Architecture that Stole the Show - Dr. Strangelove
“Gentlemen, you can’t fight in here, this is the War Room!”
Stanley Kubrick’s 1964 masterpiece, Dr. Strangelove, is a black comedy about the world brought to the brink of extinction by a power mad and inept US President, surrounded by paranoid generals and politicians. Ominous rumors had been circulating among western leaders that the Soviet Union had been working on propaganda and the ultimate doomsday weapon.
The set designer, Sir Ken Adam, was considered the most influential designers in movie making history. He trained as an architect after serving as a pilot in WWII and was the creative force behind many James Bond movies.
His objective for Dr. Strangelove was to create an underground chamber War Room in the Pentagon (a setting that really doesn't exist). The brutalist concrete room was designed with a very steep triangular ceiling in order to be more resistant to shockwaves from a nuclear bomb.
At the center of the room was a massive circular table surrounded by 26 seats for politicians and generals.
The round table was supposed to create the illusion of a poker game…as if the generals are playing with the world like a game of cards. The overhead lighting illuminated every actor from above to intensify the poker-faced tension.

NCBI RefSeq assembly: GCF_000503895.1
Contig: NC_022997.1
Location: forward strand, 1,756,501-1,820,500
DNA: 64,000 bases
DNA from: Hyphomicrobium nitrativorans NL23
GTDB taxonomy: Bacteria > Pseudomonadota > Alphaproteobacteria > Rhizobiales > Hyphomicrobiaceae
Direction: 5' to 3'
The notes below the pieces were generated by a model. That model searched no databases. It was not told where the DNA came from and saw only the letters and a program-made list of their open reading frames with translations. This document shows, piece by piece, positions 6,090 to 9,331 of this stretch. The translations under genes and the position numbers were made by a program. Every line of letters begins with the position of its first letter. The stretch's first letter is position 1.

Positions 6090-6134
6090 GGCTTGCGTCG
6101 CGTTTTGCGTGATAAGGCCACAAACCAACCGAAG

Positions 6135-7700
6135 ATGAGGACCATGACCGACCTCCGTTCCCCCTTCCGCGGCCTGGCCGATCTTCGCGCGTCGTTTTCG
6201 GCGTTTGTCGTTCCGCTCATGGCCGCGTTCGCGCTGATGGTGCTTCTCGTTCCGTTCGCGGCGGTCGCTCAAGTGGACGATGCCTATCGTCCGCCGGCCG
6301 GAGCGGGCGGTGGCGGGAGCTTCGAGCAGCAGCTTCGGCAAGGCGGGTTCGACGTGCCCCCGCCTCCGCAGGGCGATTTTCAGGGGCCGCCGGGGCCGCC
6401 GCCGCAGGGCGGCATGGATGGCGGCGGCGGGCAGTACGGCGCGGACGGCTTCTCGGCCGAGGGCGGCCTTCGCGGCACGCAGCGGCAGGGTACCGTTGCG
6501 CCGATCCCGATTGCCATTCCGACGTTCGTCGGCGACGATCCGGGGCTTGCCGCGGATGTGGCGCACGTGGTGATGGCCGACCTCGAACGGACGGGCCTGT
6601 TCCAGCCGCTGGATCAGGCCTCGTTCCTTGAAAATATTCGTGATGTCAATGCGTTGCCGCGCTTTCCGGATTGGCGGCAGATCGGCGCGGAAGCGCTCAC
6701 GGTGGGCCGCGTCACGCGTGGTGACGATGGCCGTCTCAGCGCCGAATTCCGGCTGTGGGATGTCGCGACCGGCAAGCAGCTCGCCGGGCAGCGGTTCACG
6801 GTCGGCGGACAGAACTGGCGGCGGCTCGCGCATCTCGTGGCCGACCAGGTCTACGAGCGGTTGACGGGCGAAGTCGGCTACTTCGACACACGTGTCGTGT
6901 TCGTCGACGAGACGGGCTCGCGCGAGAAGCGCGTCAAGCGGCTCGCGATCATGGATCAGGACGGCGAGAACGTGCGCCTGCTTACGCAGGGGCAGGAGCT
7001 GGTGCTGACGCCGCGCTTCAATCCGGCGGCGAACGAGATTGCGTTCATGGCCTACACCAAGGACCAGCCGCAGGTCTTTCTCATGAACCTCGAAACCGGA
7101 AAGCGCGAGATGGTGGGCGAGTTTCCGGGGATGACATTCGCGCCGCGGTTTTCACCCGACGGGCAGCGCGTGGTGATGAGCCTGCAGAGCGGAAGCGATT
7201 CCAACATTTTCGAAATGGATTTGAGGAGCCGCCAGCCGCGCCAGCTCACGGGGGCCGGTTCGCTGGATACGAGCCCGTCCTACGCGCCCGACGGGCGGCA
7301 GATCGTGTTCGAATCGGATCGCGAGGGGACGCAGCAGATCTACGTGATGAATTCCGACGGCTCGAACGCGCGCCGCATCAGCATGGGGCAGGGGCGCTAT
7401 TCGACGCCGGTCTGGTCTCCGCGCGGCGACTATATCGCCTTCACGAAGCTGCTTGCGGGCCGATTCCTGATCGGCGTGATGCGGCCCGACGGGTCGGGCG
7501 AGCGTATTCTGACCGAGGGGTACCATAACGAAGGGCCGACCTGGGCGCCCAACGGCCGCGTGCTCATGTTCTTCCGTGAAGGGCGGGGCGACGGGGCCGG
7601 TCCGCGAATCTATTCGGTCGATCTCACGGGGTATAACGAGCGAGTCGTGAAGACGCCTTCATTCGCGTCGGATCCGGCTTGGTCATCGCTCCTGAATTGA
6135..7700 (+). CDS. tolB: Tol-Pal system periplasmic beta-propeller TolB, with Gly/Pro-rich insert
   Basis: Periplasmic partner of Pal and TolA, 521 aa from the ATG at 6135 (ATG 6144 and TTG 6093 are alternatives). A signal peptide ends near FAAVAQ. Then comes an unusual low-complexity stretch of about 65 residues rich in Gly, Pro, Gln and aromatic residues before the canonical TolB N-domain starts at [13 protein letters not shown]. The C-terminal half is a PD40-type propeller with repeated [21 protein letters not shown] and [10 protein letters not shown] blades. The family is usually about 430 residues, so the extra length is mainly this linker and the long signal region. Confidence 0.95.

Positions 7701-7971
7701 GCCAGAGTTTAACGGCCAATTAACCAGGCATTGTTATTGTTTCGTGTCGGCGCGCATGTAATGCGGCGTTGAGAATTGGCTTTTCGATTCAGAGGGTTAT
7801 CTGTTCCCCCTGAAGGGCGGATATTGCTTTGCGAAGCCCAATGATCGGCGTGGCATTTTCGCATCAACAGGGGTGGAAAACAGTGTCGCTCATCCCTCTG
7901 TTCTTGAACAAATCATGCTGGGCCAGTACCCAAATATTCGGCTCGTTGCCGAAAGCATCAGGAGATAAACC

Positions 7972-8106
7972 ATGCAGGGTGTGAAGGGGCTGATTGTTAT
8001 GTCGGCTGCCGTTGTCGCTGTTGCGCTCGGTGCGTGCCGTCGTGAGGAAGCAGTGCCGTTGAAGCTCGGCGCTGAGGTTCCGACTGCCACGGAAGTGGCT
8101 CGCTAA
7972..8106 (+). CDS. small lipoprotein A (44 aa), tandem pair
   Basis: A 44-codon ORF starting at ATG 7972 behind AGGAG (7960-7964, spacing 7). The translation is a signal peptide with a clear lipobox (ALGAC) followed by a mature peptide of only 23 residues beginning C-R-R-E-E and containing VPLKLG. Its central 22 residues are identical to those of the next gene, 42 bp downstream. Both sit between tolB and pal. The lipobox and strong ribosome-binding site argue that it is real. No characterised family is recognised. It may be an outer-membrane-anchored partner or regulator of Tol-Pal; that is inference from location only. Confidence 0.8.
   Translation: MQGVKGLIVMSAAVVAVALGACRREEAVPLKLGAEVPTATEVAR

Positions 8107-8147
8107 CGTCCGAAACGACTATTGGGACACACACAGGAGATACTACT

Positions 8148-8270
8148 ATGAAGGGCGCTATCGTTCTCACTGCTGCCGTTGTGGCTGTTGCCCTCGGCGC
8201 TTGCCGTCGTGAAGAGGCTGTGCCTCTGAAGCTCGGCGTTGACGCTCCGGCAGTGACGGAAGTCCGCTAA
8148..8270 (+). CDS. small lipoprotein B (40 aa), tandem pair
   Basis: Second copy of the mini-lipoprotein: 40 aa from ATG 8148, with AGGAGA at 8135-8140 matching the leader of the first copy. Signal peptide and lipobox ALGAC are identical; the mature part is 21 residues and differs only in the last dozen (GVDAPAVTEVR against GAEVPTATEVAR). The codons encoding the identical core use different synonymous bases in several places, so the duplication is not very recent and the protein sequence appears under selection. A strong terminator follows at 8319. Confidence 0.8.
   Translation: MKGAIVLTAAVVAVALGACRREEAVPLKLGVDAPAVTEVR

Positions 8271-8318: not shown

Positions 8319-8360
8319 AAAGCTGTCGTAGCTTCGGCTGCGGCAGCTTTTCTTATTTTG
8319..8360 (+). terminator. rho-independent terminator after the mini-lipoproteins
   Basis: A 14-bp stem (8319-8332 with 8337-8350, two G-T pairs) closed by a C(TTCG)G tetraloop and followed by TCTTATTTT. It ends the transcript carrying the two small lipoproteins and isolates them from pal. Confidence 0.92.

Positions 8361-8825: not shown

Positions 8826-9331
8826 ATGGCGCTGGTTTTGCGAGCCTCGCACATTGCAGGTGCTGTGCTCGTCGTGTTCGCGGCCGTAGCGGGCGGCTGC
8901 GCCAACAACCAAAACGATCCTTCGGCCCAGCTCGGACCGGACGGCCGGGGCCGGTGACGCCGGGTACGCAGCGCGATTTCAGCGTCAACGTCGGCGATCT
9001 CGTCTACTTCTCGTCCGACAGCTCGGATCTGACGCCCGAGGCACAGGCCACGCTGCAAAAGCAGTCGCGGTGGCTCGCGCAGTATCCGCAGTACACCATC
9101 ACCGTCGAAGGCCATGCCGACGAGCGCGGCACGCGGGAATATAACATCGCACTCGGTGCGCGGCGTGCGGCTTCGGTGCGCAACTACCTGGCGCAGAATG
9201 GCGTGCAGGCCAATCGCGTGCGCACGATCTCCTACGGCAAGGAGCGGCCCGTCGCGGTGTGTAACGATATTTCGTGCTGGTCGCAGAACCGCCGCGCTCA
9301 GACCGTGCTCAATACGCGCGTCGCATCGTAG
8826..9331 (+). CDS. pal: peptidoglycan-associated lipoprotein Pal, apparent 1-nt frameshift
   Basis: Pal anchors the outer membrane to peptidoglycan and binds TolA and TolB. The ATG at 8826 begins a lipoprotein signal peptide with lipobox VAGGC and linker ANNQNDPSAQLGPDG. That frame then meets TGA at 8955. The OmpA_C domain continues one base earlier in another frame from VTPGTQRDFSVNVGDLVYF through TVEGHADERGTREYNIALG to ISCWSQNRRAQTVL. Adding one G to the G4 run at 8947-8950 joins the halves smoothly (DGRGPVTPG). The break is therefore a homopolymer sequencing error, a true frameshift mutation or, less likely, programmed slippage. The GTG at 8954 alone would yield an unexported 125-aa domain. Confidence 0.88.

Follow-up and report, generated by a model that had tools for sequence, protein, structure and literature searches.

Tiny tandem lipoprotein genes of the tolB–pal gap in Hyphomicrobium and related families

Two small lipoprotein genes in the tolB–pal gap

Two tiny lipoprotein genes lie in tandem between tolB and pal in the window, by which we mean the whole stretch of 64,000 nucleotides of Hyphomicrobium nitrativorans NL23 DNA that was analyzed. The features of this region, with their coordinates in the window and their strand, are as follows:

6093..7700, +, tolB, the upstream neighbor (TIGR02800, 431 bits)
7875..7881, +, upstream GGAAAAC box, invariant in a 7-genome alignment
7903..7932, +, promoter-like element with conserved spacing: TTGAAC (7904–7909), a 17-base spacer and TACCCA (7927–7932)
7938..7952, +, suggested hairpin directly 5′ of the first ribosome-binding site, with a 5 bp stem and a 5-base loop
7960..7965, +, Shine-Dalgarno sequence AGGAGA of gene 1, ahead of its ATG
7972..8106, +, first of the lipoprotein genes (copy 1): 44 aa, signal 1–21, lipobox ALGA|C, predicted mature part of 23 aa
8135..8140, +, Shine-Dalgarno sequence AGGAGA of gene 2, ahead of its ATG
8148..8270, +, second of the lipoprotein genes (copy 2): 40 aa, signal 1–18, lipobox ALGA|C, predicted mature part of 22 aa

Dr. Strangelove’s war room design has influenced real-life strategy rooms including the 2009 G20 summit in Pennsylvania (left) and Vladimir Putin’s three-decker military command center (right).
Many people thought this war room was real. President Ronald Reagan believed it was in the Pentagon! The set was built in England in Shepperton's Studio, which measured 12,000 sf with a 35 foot high ceiling.
Today this War Room still feels modern. The intensity of it should remind us of the reality that the planet is a single tweet away from total annihilation. The film is more relevant now than ever and should serve as a warning about today's political climate with tensions building up once again.
This is absolute madness. Sad